Is This the End of the Line for Saab?

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The end of the line for Saab, the quirky little Swedish carmaker, could come as soon as next week, when the General Motors board of directors is scheduled to meet in Detroit.

GM's effort to sell its Swedish subsidiary Saab has fallen apart, jeopardizing the division's future, which had grown increasingly tenuous over the years as its American owner slid into insolvency and bankruptcy. Saab was tentatively scheduled to begin operating as an independent company starting Jan. 1, 2009, once GM's sale to Koenigsegg Group AB, a Swedish maker of exotic vehicles, had closed.

GM CEO Fritz Henderson said the Detroit automaker was shocked and dismayed by Koenigsegg Group AB's decision to back out of the deal. "We're obviously very disappointed with the decision to pull out of the Saab purchase," Henderson said. "Given the sudden change in direction, we will take the next several days to assess the situation and will advise on the next steps next week."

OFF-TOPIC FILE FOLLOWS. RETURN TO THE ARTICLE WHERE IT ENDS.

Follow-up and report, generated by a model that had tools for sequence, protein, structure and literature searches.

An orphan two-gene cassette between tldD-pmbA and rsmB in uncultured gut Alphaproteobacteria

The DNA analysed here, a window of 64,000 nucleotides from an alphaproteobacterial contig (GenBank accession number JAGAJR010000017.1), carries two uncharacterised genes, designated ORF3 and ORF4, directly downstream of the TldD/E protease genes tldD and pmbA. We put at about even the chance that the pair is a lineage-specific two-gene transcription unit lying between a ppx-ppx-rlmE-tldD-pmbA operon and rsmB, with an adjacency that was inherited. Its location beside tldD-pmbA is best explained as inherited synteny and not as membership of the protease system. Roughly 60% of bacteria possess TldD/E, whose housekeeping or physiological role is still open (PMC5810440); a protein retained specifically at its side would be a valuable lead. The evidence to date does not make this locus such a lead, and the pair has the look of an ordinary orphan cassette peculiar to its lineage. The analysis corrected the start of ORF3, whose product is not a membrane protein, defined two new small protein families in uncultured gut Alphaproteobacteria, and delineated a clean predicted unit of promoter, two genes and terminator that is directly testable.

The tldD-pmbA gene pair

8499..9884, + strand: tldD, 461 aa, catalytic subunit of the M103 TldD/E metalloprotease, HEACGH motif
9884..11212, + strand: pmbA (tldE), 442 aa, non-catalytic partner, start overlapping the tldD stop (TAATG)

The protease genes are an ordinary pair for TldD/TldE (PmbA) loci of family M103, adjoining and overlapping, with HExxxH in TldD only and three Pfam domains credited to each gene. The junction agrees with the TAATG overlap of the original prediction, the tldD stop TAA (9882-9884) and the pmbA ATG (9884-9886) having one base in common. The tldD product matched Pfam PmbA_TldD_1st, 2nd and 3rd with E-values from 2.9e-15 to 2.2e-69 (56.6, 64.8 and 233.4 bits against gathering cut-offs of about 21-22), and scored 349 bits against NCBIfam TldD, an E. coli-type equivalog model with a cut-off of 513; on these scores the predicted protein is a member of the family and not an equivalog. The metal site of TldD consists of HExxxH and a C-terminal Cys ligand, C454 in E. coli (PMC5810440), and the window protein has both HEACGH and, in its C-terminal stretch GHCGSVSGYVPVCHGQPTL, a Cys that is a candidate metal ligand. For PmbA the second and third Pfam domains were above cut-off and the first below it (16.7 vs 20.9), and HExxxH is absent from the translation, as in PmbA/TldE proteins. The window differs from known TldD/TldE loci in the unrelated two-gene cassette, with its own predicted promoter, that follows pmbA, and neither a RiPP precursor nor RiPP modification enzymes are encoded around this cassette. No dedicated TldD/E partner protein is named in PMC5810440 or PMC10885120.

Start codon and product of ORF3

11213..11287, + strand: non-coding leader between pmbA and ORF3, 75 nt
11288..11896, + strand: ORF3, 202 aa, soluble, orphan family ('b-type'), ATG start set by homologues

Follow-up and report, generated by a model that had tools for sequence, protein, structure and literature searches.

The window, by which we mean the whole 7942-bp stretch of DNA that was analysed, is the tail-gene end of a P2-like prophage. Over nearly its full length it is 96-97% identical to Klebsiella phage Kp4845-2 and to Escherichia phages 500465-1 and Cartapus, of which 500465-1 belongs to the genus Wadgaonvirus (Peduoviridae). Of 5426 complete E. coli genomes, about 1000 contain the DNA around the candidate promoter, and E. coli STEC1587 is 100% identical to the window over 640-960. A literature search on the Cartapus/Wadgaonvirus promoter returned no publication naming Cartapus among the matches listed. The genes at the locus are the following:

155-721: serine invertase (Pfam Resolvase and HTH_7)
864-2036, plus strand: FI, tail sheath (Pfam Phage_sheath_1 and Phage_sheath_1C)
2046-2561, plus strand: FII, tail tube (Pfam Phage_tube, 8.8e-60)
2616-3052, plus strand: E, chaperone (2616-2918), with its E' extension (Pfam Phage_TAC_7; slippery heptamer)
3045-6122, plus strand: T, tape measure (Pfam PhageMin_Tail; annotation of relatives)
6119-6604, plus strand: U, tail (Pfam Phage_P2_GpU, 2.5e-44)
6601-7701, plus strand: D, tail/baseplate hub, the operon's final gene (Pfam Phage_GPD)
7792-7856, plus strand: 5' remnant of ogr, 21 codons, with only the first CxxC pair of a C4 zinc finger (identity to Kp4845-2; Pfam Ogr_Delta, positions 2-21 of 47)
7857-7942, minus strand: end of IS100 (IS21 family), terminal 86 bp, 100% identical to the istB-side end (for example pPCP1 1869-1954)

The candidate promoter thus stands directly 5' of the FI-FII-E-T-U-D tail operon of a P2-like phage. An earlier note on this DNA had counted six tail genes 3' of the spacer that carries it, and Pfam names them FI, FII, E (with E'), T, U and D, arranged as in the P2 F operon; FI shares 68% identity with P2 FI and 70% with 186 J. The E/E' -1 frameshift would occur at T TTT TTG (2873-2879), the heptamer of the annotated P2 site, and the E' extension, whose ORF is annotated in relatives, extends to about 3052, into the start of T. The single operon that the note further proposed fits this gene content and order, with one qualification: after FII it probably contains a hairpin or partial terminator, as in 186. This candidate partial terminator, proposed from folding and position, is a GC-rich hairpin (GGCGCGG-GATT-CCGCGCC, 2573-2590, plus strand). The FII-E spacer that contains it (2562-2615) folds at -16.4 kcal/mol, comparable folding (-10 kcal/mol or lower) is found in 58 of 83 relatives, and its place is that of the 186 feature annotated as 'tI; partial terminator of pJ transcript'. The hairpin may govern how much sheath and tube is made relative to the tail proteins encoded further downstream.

However, GM insiders say the existence of the Saab brand, which is famous for its quirky styling, aircraft-like interiors and center-mounted ignition switch, could face extinction unless another investor quickly steps forward to rescue the Swedish automaker. So far, no other investor has expressed much interest in Saab. In addition, the Swedish government has been reluctant to provide financing for Saab despite the brand's long and distinguished history and its 2,500 employees. The brand, however, has never made money for GM, which acquired it for $2.5 billion in 1991.

A final decision on Saab's fate could come as soon as next week, when GM's board is expected to meet and discuss the ongoing restructuring of the company's European operations.

In June, GM announced that it would sell or eliminate four of its brands, including Pontiac, Saab, Hummer and Saturn. "We've been very clear that those brands were going to be sold or shut down," said a GM official, who asked not to be identified. "The expectation is that if you don't sell it, you close it."

GM also set a precedent of sorts last month when it announced that it would shut down the Saturn brand completely after a deal to sell it to the Penske Automotive Group also fell apart at the last minute. GM has stopped building Pontiacs, and Hummer is in the process of being sold to a Chinese manufacturer of heavy equipment.

Moreover, GM, which is on the verge of trimming its European production capacity 25%, doesn't need Saab's manufacturing plants in Sweden, and Saab doesn't have any special technology that could save it, a GM official bluntly noted.